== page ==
Dinosaur Deconstruction

How we understand life's past is more a consequence of art than of science.

By Stephen Jay Gould
Oct 1, 1993 5:00 AMNov 12, 2019 4:38 AM


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If I ask, Who was the man most responsibIe for setting our conventionaI concept (untiI recent years) of dinosaurs as grand but cumbersome, most respondents wiII search for the name of a Ieading scientist who defended this notion in words. But the question has an undeniabIe and unambiguous answer--CharIes R. Knight (though many have never heard of him). Knight (1874-1953) was the great iconographer of dinosaurs at a time when his superb work formed a one-man show without credibIe competition anywhere in the worId. He painted aII the great muraIs done before WorId War II in American museums--New York, Chicago, Los AngeIes. His eIegant, anatomicaIIy accurate, ecoIogicaIIy detaiIed, and visuaIIy exciting paintings fiIIed books and magazines. In the absence of aIternative imagery, Knight created the canonicaI picture of dinosaurs for professionaIs and the pubIic aIike. I cannot think of a stronger infIuence ever wieIded by a singIe man in such a broad domain of paIeontoIogy.

Similarly, the most telling sign of our changing concept comes from the new generation of dinosaur artists who are finally superseding these grand conventions and providing alternative images for an astonishing range of products from kiddie books to cereal boxes to postage stamps to Jurassic Park. Just consider the contrast between Knight’s classic Brontosaurus, buoyed up in a swamp because even such elephantine legs could not support such a bulky body on land, and Mark Hallett’s corresponding sauropods, nimbly marching forward with head and tail outstretched. Was Confucius right in stating that one good picture is worth 10,000 words, or do you want another 20,000 words from me to explain the conceptual shift?

Iconography comes upon us like a thief in the night--powerful and remarkably efficacious, yet often so silent that we do not detect the influence. Pictorial imagery catches us unawares because, as intellectuals, we are trained to analyze text and to treat drawings or photographs as trifling adjuncts. Thus, while we may pore over our words and examine them closely for biases and hidden meanings, we often view our pictures as frills and afterthoughts, simple illustrations of a natural reality or crutches for those who need a visual guide. We are most revealed in what we do not scrutinize.

The social biases embedded in fossil iconography lie best exposed in the artistic conventions that create such an enormous departure between scenes as sketched and any conceivable counterpart in nature. (The point is obvious and easily grasped once presented, but I have often been surprised to discover how many people do not recognize the difference--and the need for such disparity--between nature and our conventions for painting her. Many of us have been looking at such paintings all our lives and have come to accept them as accurate snapshots of the natural world.) All artistic genres follow social conventions, but few also grapple with the assumption that finished products represent a natural reality. Consider just three conventions, all defensible, that distinguish painted fossil scenes from inferred actualities.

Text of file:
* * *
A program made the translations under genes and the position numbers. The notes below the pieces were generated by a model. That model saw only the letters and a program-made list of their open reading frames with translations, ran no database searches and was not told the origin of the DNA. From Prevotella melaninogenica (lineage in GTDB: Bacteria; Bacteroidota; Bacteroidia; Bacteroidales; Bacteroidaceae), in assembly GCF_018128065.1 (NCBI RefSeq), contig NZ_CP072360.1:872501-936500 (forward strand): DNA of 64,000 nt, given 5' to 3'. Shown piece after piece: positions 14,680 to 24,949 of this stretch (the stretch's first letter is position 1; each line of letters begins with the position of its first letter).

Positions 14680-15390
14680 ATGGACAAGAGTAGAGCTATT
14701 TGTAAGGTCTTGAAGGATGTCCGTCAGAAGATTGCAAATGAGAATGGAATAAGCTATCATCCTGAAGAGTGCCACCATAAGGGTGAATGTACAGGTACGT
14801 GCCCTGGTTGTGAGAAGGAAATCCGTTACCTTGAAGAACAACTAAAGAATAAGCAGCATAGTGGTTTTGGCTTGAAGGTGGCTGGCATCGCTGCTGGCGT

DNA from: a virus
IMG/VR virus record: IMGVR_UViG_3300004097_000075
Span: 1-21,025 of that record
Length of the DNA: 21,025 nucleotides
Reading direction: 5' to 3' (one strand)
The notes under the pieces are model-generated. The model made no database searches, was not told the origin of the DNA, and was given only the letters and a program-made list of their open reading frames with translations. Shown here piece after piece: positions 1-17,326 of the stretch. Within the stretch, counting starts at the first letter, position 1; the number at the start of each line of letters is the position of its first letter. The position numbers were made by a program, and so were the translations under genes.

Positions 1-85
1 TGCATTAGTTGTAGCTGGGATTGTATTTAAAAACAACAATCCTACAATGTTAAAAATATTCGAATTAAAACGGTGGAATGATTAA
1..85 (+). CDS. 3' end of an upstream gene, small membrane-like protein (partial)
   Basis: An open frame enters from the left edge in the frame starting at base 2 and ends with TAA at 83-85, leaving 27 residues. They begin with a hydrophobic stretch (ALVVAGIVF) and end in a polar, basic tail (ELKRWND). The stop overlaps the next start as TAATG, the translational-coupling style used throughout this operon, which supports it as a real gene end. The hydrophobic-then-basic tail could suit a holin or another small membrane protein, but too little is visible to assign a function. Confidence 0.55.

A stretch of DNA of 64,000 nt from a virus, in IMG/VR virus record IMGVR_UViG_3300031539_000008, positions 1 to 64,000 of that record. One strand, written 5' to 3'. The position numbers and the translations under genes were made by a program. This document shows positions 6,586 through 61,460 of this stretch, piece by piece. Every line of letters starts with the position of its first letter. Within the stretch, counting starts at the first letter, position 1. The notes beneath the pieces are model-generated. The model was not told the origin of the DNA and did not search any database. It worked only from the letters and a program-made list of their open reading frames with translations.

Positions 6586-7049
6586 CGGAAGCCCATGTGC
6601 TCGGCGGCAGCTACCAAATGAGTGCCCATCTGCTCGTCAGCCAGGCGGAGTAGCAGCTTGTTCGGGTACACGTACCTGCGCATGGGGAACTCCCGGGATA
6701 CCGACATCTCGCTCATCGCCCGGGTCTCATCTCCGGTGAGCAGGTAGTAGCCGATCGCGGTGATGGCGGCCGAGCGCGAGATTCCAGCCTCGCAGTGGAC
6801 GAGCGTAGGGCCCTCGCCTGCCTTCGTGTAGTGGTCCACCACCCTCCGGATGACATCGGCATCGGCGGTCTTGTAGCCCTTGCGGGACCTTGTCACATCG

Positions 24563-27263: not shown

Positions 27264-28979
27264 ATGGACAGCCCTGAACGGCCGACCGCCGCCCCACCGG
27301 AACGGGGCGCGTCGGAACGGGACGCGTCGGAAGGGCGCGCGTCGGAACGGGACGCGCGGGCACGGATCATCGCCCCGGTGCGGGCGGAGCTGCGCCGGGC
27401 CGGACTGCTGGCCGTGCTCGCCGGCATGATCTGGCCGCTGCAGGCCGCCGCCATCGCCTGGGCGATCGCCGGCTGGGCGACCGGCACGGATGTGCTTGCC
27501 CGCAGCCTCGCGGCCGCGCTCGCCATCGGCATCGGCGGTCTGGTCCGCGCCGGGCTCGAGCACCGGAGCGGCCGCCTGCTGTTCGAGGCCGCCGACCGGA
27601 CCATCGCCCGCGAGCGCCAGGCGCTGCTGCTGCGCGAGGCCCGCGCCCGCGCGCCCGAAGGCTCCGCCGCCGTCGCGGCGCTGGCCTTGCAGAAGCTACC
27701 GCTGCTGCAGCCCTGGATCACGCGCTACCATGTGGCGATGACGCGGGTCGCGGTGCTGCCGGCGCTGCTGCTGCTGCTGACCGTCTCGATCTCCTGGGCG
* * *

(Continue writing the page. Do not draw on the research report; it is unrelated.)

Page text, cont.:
1. Number. At most natural moments in most places, nothing much is happening to rather few organisms. But illustrations of such reality would be empty and boring. Moreover, museums and books grant little space for painted scenes, so artists must make the most of limited opportunities. If I am allowed but one picture of a Mesozoic landscape, I will therefore try to wedge everything in--predator and prey, pond dweller and mountain climber. Consider the famous mural at Yale University by Rudolph Zallinger. We accept the necessary pedagogical theme and rarely consider that such scenes represent artistic convention rather than natural landscape.

2. Activity. An old quip states that the life of a soldier features long periods of boredom interspersed with rare moments of terror. We paint animals during their few incidents of interesting behavior, and our concept of interesting changes with time. The Victorians loved Tennyson’s description of Nature, red in tooth and claw, and, by social convention, shied away from scenes of mating. Their paintings of nature almost invariably feature predation as a centerpiece (usually sanitized in showing little blood and gore). Iconographies of the last 20 years, especially if done largely for children, tend to focus on themes that are more politically correct--maternal behavior, herding, and helping.

The prototype for scenes from deep time (to use Martin Rudwick’s felicitous phrase from the title of his recent book) is Henry De La Beche’s drawing Duria antiquior (An earlier Dorset), first lithographed in 1830 but reproduced endlessly (in both legitimate and pirated editions), and also serving as a model, often shamelessly copied, for almost all later artists. De La Beche, English to the core despite his francophonic name, was the first director of the Geological Survey of Great Britain. To be sure, he designed this figure partly with humorous intent (and as a charitable act to benefit, through sales, the impoverished fossil collector Mary Anning, who had provided so much aid to British paleontologists). But De La Beche’s image became the canonical figure of ancient life at the inception of this genre. Note how he follows both conventions of unnatural crowding and pervasive predation. Almost every creature is either a feaster or a meal, and the centerpiece of an ichthyosaur biting into the neck of a plesiosaur became the image par excellence of early-nineteenth-century reconstruction. (We must also note De La Beche’s unconventionalities, particularly his depiction of feces descending from several of the larger beasts--a feature that most of his later plagiarists eliminated.)